[Reader-list] Porous Borders

zainab at xtdnet.nl zainab at xtdnet.nl
Thu Jun 16 20:58:21 IST 2005


I am now on the other side of the border, in Bangladesh, thirty minutes
ahead of time. Yet, the differences are not that great. The landscape is
similar to that of Bengal. And the culture is essentially Bengali, not
Islamic. Bengali language rules here. You either speak the language or no
other option. During my first visit, I had learnt that the first revolt
which the Bangladeshis had launched against the tyranny of West Pakistan
was that of language. The Bangladeshis refused to submit to the authority
of Urdu. They blackened all Urdu signs and hoardings, the walls of cities
on which Urdu was written. Bangladeshis are proud of their language. From
my second visit onwards, I was beginning to perceive that English and
Hindi were slowly creeping into the everyday lives of the people there. I
started spotting advertising hoardings in English and came to know of the
popularity of Hindi television serials and movies. The famous song “Kaanta
Laga” had been translated in Bengali. Each day as I would walk the markets
of Khulna, I would hear more of Hindi music. One day, the Daily Star, a
popular English daily published from Dhaka, carried an article where the
author complained of the prevalence of Hindi film music and the decline of
Bengali music and poetry.

During each of my visit, my various hosts would ask me to speak Hindi,
“the way it is spoken in television serials”, they would insist each time.
I have always been dumbstruck on this request. I hardly watch the
television serials. So I don’t know what kind of Hindi is spoken.
Moreover, Hindi is not a homogenous language. It has its dialects, accents
and it is spoken differently in different places and regions in India.

Hindi TV serials of STAR PLUS, SONY and ZEE are heavily popular among the
womenfolk and children. “From Monday to Thursday, 1 PM to 5 PM, it is like
a film show for them – all the TV serials they watch,” tells me my host’s
brother-in-law in Chittagong. One evening, there was no electricity. In
the heat, amidst fanning ourselves, the elder daughter-in-law of the house
asked the children to sing and dance to Hindi film songs. Mithila, the
little girl, began to sing, as if reciting poetry, ‘if you want to be my
lober, lober (lover, lover), if you want to be my lober, lober 
dil mein aana re, aa ke phir na jana re 
” I was trying to understand
whether Mithila understood what she was singing. It strikes that may be
she is constantly exposed to the song and has picked it up subconsciously.
I think this is an interesting feature of cities – we are constantly
amidst sounds and noises. Often, we subconsciously pick up information and
often, we don’t filter everything – it’s just about the noise!

Hindi films are popular in Bangladesh. But the youngsters tell me that
while earlier films were remembered for popular dialogues, today’s films
are based on star power. Amitabh Bachan is heavily popular in Bangladesh.
Each day when I would pass by the Moila Putta Street in Khulna, I would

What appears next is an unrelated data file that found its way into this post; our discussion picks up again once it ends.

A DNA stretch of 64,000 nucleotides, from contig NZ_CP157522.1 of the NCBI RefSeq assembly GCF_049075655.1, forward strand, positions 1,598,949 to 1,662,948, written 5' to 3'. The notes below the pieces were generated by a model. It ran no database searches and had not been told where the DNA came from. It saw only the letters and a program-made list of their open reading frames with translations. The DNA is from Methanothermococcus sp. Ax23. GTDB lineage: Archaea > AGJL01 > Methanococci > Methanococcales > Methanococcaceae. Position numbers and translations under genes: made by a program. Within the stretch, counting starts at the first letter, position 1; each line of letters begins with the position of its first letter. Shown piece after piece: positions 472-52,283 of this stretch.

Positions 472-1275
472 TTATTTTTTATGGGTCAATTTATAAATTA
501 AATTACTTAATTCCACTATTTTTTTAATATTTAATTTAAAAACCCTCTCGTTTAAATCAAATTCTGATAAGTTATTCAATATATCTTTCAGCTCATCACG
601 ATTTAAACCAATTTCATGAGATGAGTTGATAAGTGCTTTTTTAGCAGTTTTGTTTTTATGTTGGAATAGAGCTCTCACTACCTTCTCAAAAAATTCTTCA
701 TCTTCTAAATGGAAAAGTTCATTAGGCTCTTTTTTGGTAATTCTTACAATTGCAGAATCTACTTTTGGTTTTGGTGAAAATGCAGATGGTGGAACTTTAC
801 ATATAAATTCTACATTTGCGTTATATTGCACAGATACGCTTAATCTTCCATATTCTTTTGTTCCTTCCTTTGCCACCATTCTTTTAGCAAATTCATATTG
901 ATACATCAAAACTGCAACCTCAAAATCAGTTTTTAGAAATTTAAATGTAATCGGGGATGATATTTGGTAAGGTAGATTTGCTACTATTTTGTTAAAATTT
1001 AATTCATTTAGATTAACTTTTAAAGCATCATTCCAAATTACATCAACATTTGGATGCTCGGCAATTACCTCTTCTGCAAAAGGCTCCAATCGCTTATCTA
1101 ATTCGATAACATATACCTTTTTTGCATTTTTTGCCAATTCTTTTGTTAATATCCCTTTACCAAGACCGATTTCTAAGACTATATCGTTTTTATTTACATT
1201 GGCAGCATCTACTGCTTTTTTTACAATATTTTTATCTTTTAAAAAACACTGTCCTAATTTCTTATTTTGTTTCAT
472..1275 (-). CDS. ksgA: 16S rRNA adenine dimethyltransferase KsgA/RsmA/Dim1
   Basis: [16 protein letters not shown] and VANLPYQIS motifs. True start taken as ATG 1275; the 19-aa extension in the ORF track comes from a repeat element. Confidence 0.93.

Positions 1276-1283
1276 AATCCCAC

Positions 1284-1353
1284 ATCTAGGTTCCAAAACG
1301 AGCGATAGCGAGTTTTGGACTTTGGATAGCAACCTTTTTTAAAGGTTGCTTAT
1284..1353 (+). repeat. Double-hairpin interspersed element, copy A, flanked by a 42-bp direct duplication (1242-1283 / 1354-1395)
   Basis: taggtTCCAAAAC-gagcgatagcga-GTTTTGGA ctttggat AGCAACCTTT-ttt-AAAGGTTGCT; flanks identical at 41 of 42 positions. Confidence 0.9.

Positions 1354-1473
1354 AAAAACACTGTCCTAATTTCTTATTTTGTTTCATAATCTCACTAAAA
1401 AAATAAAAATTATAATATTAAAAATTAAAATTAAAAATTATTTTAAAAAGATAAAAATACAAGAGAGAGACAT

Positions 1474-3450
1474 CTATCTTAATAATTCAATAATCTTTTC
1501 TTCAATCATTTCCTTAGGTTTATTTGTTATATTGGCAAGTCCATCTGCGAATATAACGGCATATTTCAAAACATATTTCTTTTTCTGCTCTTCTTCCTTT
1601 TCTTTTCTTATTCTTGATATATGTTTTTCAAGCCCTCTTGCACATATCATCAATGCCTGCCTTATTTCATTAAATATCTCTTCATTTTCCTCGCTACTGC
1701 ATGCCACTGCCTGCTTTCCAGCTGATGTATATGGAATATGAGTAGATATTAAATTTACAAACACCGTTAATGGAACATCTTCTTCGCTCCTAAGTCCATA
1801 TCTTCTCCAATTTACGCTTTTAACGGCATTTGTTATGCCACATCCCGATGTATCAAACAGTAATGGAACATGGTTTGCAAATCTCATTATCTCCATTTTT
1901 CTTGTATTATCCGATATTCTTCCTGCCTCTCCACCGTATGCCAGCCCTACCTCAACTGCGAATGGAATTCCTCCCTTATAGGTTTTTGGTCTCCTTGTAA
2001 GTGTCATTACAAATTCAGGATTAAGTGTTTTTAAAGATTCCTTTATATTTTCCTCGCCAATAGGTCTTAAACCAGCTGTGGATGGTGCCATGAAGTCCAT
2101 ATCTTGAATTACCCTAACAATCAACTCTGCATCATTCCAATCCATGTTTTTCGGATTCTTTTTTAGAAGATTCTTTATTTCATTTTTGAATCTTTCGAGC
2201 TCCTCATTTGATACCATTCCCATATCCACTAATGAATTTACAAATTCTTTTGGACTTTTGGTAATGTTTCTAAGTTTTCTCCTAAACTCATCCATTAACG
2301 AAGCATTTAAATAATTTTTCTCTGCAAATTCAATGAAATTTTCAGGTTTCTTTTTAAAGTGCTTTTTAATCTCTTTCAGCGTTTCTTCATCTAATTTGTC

notice the huge Pepsi hoarding with Amitabh Bachan smiling out of it. The
hoarding promised, “Drink Pepsi. Get lucky, meet Amitabh in Kolkatta!” As
Amitabh smiled out of this hoarding, I began to realize that Amitabh is
not just an icon; he is representative of a nation. He symbolizes the
nation itself. He is the nation – he is one face of India to the
Bangladeshi people.

Pirated VCDs of Hindi films reach Bangladesh before they are released in
India. The route is apparently Pakistan where the films are pirated. I
remember Aymen Khan, the taxi driver in Amsterdam telling me of his visit
to Dubai. “I had been to one of your underworld don’s younger brother’s
house. There were suitcases, black ones, piled with film reels. That is
how they make their money. Films are released in Dubai by these people.”
The experience in Bangladesh and Aymen’s story make me feel that films and
Bollywood are an important aspect of the political economy of South Asia.
Films, TV, cinema, these in a way contribute to the porosity of borders
that exist within South Asia. In 1999, during my visit to Korea, a
Pakistani colleague had said to me, “ZEE TV, it is the unifier between
India and Pakistan. Else, there was always a distance!” I don’t know in
what ways films and television contribute towards the understanding of
other. I don’t know how television and cinema reduce distance (or whether
they do at all?)? I wonder whether cinema and television assist in making
‘the other’ appear more comprehensible? What????

While I can understand Bangla and if I speak, I wouldn’t be doing a bad
job, I feel conscious when I speak the language. Ladies of the houses I
would visit would tell me, “Speak Hindi, no problem. We can understand. We
watch the television serials.”

This time around, a new cellular phone service was being launched in
Bangladesh. It is called DJuice and is a service of the popular Grameen
Phone service. DJuice advertises in Hindi. Bengali on its advertising
pamphlets is written in English. For instance, ‘Khoroch Koto (what are the
expenses?)’ is written in English instead of Bengali. One of the boys in
the University said to me, “I refuse to patronize DJuice. They are
spoiling our language by writing Bengali in English. What impact will it
have on the coming generations? Already I see the decline in our language.
Given the TV serials and films, I am convinced that the next three or four
generations will be Hindi speakers.”

I wonder whether borders are porous 
 Are cultural borders in South Asia

Zainab Bawa

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